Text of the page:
SOCAN v Bell: The 30-Second Preview as Infringement or Fair Dealing?
Do you like to try before you buy? Also known as the “Apple iTunes” case, SOCAN v Bell considers whether the 30-second preview clips made available to consumers by online music retailers constitute an exception pursuant to s. 29 of the Copyright Act, RSC 1985, c C-42, which states that “[f]air dealing for the purpose of research or private study does not infringe copyright,” and if so, whether the use of these previews is fair.
In 1995, the Society of Composers, Authors and Music Publishers (“SOCAN”) applied to the Copyright Board of Canada (“the Board”) for a new royalty tariff (“Tariff 22”) for copyrighted music transmitted over the Internet (for example, music streamed on a webpage or an internet radio station, or any online music downloads including from retailers). Initially, SOCAN argued that all parties involved in these transmissions, including Internet service providers were responsible for paying the tariffs. This issue was dealt with in SOCAN v. Canadian Assn. of Internet Providers,  2 SCR 427, where the court held that ISPs, as mere intermediaries, acted only as conduits for communication by other persons and were not liable for paying royalties.
A second issue with Tariff 22 concerns a ruling by the Board that the transmission of a single download to a member of the public constitutes communication to the public by telecommunication under s. 3(1)(f) of the Act and thus was liable for Tariff 22 fees. The Federal Court of Appeal upheld the Board’s decision. This case was recently heard by the Supreme Court to establish whether a transmission of a copyrighted work over the Internet amounts to communication of that work to the public by telecommunication.
The third issue with Tariff 22 is in regards to the brief previews online music retailers (such as iTunes) offer prospective consumers.
In 2007, the Board decided that SOCAN was not entitled to royalties on these short clips as they were covered under the fair dealing exception. The Board concluded that previews “offer an excerpt of the work that is long enough for the user to do his research, but short enough and of a sufficiently degraded quality that it cannot replace the complete work” [Re Public Performance of Musical Works (2007), 61 CPR (4th) 353]. The Federal Court of Appeal upheld the Board’s decision (see SOCAN v Bell Canada, 2010 FCA 123 [SOCAN, FCA]), finding that the previews were within the meaning of the word “research” set out in s. 29 of the Act. In particular, the court stated that:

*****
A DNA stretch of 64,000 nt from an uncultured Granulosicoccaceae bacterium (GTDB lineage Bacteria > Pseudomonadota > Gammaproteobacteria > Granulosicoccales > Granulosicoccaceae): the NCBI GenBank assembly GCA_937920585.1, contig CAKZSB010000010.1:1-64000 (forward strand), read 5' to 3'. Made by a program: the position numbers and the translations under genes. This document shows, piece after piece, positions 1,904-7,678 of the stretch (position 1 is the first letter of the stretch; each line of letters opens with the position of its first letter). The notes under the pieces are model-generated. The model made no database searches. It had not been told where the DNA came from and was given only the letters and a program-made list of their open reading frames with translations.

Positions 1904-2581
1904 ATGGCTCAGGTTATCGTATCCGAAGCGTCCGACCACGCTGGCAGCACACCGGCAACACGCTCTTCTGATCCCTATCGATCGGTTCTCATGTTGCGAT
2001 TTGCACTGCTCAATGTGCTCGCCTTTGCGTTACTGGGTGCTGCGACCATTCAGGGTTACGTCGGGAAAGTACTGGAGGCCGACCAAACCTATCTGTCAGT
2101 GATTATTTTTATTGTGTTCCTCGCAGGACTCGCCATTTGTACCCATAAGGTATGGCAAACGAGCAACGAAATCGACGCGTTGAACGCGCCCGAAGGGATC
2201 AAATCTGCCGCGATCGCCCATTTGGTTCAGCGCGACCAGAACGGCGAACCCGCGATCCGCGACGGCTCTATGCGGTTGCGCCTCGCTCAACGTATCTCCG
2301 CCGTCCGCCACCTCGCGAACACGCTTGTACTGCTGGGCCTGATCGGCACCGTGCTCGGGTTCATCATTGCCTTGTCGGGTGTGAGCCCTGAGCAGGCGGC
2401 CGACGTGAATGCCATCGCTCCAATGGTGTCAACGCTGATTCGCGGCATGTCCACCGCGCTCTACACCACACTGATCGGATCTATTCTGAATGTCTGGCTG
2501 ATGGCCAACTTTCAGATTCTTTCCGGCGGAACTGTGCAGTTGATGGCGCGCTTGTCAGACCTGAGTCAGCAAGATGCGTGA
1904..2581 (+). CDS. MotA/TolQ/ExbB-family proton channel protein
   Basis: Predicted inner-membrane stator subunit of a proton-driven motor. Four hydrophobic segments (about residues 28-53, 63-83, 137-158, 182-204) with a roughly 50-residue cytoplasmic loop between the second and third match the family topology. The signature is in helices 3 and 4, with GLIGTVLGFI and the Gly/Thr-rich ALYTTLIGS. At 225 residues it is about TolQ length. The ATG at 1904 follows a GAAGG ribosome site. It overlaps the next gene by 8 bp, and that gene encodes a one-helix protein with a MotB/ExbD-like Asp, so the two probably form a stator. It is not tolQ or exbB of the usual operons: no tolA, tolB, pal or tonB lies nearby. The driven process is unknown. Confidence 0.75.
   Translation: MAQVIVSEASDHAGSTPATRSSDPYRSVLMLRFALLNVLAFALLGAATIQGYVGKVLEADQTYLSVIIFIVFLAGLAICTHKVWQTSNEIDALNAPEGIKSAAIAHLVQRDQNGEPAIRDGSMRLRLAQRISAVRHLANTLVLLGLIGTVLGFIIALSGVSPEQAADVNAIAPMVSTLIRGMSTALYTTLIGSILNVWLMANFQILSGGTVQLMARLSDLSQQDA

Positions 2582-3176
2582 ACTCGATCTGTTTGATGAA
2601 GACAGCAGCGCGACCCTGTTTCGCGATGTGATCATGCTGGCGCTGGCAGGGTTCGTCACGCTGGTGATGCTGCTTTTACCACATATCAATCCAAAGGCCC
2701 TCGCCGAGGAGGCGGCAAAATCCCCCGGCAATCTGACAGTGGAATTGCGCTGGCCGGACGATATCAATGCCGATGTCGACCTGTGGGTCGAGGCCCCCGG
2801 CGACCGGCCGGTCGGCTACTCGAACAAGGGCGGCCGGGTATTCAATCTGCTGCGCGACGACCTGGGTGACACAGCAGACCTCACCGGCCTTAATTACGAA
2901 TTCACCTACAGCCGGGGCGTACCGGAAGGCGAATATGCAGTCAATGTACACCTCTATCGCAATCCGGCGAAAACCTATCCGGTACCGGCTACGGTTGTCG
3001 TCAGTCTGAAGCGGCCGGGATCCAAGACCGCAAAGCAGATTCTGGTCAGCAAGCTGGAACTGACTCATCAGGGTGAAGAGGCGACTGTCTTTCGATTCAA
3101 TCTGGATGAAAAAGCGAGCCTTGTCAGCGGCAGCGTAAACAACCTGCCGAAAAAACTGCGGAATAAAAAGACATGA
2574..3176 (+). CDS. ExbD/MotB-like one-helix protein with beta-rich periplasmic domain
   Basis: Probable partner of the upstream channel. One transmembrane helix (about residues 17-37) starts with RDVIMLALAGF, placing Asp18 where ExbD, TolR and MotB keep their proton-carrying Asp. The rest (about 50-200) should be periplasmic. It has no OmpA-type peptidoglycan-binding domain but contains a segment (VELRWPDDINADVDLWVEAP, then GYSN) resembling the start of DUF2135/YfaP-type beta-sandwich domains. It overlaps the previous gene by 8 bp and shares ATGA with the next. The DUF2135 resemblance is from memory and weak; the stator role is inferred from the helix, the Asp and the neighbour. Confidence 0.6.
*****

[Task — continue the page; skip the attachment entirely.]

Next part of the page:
The legislator chose not to add restrictive qualifiers to the word “research” in section 29. It could have specified that the research be “scientific”, “economic”, “cultural”, etc. Instead it opted not to qualify it so that the term could be applied to the context in which it was used, and to maintain a proper balance between the rights of a copyright owner and users’ interests.
… it would not be unreasonable to give the word “research” its primary and ordinary meaning. The consumer is searching for an object of copyright that he or she desires and is attempting to locate and wishes to ensure its authenticity and quality before obtaining it. I agree with the Board that “[l]istening to previews assists in this investigation”.
Justice Létourneau also acknowledged SOCAN’s contention that the primary purpose of the previews is of a commercial nature, that is, to increase sales and accordingly, profits. However, he maintained that “[w]e must consider previews from the point of the view of the person for whom they are intended: the customer of the subject-matter of the copyright. Their purpose is to assist the consumer in seeking and finding the desired musical work” [SOCAN, FCA].
The issue we are awaiting the Supreme Court to decide on is whether commercial previews are within the meaning of the word “research”. More broadly, we can ask what constitutes “research”? Broader still, the decision will aid in a discussion, that began prominently in CCH Canadian Ltd. v Law Society of Upper Canada,  1 SCR 339, of how fair dealing provisions ought to be interpreted. In the appeal decision, Justice Linden wrote:
There is no basis in law or in policy for such an approach. An overly restrictive interpretation of the exemptions contained in the Act would be inconsistent with the mandate of copyright law to harmonized owners’ rights with legitimate public interests. Instead, courts should employ the usual modern rules of purposive construction in the context.
Chief Justice McLachlin supported this position in the Supreme Court decision, stating that the scope of enumerated allowable purposes must be given a “large and liberal interpretation in order to ensure that users’ rights are not unduly constrained.” She reiterated Justice Linden’s contention that fair dealing is a user’s right and that it is more properly understood as an integral part of the Act rather than simply a defence or loophole and thus ought not to be interpreted restrictively.
If the Court abides by similar reasoning and policy objectives in SOCAN v Bell, the Court of Appeal and the Board’s decisions will likely be affirmed. We have been waiting for a solid approach from the Supreme Court on how to construe fair dealing since Michelin v C.A.W. Canada,  2 FCR 306, and more recently, Canwest v Horizon, 2008 BCSC 1609, two cases that employed a restrictive construction contrary to the CCH decisions.
This decision will be especially relevant in light of the impending Copyright Modernization Act, which seeks to add three more purposes to s. 29 (education, satire, and parody).
Nancy Situ is a second year student at Osgoode Hall Law School.